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Austyn R. Edwards

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Austyn Rhys Edwards (b. 28 December 1891, Balston, Ore. – 20 July 1977, Casselberry. Fla.) was an American composer, teacher and trumpeter.

His father was a singing teacher from Wales. As a young boy, Austyn loved to listen to the town bands and received his first cornet when he was 14. His father taught him to play. Because of family financial conditions, Austyn left school after the 10th grade. At age 17, he and two of his brothers joined a traveling carnival band. They later joined the Sells-Floto Circus Band, led by Karl King at that time.

In 1912, Edwards went to Chicago and studied cornet with Hale A VanderCook. He then played opera and operetta productions on a Chautauqua circuit. He was drafted into the U.S. Army in Columbia, South Carolina, in 1917 and was made leader of the newly formed No. 156 Depot Brigade Band.

After the end of World War I, Edwards returned to Chicago and joined the Hallowell Musical Company as cornet soloist for one tour. He then played first trumpet with Bachman's Million Dollar Band, the Chicago Theatre Symphony, the Palace Theatre Orchestra (17 years), the WGN Radio Symphony (10 years), Palmer Clark's World's Fair Orchestra (where he played with Rafael Mendez), the Grant Park Orchestra, and Ralph Dunbar's Grand Opera Orchestra. For short periods, he was also assistant conductor of Kryl's Band and a member of the White Hussars Brass Choir.

Immediately prior to World War II, Edwards left his playing profession to devote full time to private teaching. He and his family moved to Valparaiso, Indiana, where he taught brass instruments at Valparaiso University. During the four years he lived in Indiana, he taught at Hobart High School, taught at the Petrie Band Camp at Winona Lake, and was city band director in La Porte. During World War II, he was a guard at the Kingsbury Ordnance Plant and played trumpet in the plant band.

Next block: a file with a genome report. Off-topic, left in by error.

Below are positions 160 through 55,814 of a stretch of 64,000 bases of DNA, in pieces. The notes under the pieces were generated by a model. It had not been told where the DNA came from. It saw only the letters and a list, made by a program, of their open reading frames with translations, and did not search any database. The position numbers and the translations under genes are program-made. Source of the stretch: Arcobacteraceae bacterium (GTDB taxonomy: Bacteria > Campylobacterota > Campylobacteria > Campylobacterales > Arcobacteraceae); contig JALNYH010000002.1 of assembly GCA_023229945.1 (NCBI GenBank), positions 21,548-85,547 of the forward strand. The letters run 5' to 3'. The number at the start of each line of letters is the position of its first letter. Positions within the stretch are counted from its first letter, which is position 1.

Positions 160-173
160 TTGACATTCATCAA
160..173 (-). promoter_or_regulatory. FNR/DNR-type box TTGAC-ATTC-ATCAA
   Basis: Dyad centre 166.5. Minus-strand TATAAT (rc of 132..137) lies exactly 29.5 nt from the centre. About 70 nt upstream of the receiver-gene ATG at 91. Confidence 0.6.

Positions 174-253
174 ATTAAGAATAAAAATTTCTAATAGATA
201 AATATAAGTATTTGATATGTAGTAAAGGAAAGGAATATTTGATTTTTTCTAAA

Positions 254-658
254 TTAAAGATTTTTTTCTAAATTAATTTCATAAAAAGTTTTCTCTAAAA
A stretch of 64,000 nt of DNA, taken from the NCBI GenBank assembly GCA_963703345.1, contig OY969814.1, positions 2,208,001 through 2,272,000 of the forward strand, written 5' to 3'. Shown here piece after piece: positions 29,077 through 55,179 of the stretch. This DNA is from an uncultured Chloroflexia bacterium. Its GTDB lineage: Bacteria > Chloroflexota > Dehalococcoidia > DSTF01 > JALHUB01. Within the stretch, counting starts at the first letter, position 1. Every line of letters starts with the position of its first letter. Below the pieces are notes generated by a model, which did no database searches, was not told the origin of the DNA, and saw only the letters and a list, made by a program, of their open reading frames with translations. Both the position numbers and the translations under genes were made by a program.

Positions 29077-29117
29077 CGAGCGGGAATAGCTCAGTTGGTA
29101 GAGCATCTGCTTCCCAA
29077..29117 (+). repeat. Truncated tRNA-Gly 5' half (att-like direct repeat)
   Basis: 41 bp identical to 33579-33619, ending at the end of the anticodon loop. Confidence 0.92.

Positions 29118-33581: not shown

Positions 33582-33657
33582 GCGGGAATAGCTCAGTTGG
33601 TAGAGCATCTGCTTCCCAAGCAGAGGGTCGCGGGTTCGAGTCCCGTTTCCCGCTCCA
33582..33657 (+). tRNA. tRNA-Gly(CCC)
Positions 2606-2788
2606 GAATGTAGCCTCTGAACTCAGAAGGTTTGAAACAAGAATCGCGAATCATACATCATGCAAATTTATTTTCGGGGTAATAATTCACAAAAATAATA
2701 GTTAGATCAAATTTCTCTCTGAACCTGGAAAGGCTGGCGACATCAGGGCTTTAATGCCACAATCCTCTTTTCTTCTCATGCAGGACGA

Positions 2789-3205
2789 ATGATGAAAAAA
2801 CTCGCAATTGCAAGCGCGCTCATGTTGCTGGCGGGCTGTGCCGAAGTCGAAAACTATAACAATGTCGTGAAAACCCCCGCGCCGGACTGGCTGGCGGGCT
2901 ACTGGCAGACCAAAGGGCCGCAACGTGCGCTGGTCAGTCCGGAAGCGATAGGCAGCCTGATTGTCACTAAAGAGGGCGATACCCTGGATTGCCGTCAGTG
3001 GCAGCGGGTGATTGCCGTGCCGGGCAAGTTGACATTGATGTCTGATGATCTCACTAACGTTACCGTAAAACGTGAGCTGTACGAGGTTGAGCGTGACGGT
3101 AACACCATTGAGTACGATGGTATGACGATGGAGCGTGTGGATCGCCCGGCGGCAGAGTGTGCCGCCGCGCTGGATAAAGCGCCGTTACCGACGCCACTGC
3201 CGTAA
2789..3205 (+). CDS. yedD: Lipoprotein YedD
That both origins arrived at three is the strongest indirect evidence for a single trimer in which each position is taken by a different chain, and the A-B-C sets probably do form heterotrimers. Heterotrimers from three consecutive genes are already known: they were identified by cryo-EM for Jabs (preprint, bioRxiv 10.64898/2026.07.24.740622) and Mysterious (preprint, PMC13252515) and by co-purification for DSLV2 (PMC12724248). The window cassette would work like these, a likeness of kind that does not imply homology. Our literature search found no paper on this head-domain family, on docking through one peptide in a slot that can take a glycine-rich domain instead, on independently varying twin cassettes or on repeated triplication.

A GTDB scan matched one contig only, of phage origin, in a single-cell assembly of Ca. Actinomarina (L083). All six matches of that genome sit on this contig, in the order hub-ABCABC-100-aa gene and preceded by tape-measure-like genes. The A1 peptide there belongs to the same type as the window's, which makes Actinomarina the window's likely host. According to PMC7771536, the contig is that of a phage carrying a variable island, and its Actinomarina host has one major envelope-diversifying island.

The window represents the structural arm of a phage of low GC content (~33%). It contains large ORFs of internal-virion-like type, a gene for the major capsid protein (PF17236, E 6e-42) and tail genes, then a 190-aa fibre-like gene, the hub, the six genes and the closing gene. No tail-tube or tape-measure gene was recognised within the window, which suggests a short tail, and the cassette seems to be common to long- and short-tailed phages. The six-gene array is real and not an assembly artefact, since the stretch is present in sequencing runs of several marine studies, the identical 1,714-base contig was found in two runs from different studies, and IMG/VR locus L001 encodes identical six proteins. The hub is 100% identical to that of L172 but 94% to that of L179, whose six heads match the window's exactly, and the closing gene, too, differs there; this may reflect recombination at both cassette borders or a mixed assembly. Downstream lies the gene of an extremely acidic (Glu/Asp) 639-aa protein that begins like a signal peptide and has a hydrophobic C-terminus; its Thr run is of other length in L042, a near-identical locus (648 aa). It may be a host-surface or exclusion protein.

In 1944, Edwards moved to La Salle, Illinois, to teach in the La Salle-Peru-Oglesby public schools. He later taught at Illinois Wesleyan University, the VanderCook School of Music, the Joliet Conservatory of Music, and several other public schools in the north-central part of Illinois. As a private teacher, he gave as many as 102 private lessons a week. He also conducted scores of clinics and massed bands throughout the Midwest.

Edwards composed 55 marches, of which Flying Eagles was the first to be published (1947). He also was co-author of two cornet instruction books and wrote several cornet solos. Of his marches, Our Gallant Infantry, Navy Blue, and Pride of the Marines are the best known.

In 1968, at the age of 77, and a life member of the Chicago Musicians Union, Edwards retired from teaching and moved to Casselberry, Florida, to be near his daughter Carol. In 1970, the Spring Valley (Illinois) Junior High School authorized the Austyn R. Edwards award for presentation annually to the outstanding graduate in instrumental music. The Walt Disney World Band honored Edwards on his 80th birthday with a concert and a television interview.

His unpublished works were presented by his daughter to the J.F.K. Junior High School Library in Spring Valley, Illinois, where the Austyn R. Edwards Memorial Library was dedicated in April 1978, for the purpose of making his unpublished works available to band directors.

Works for Winds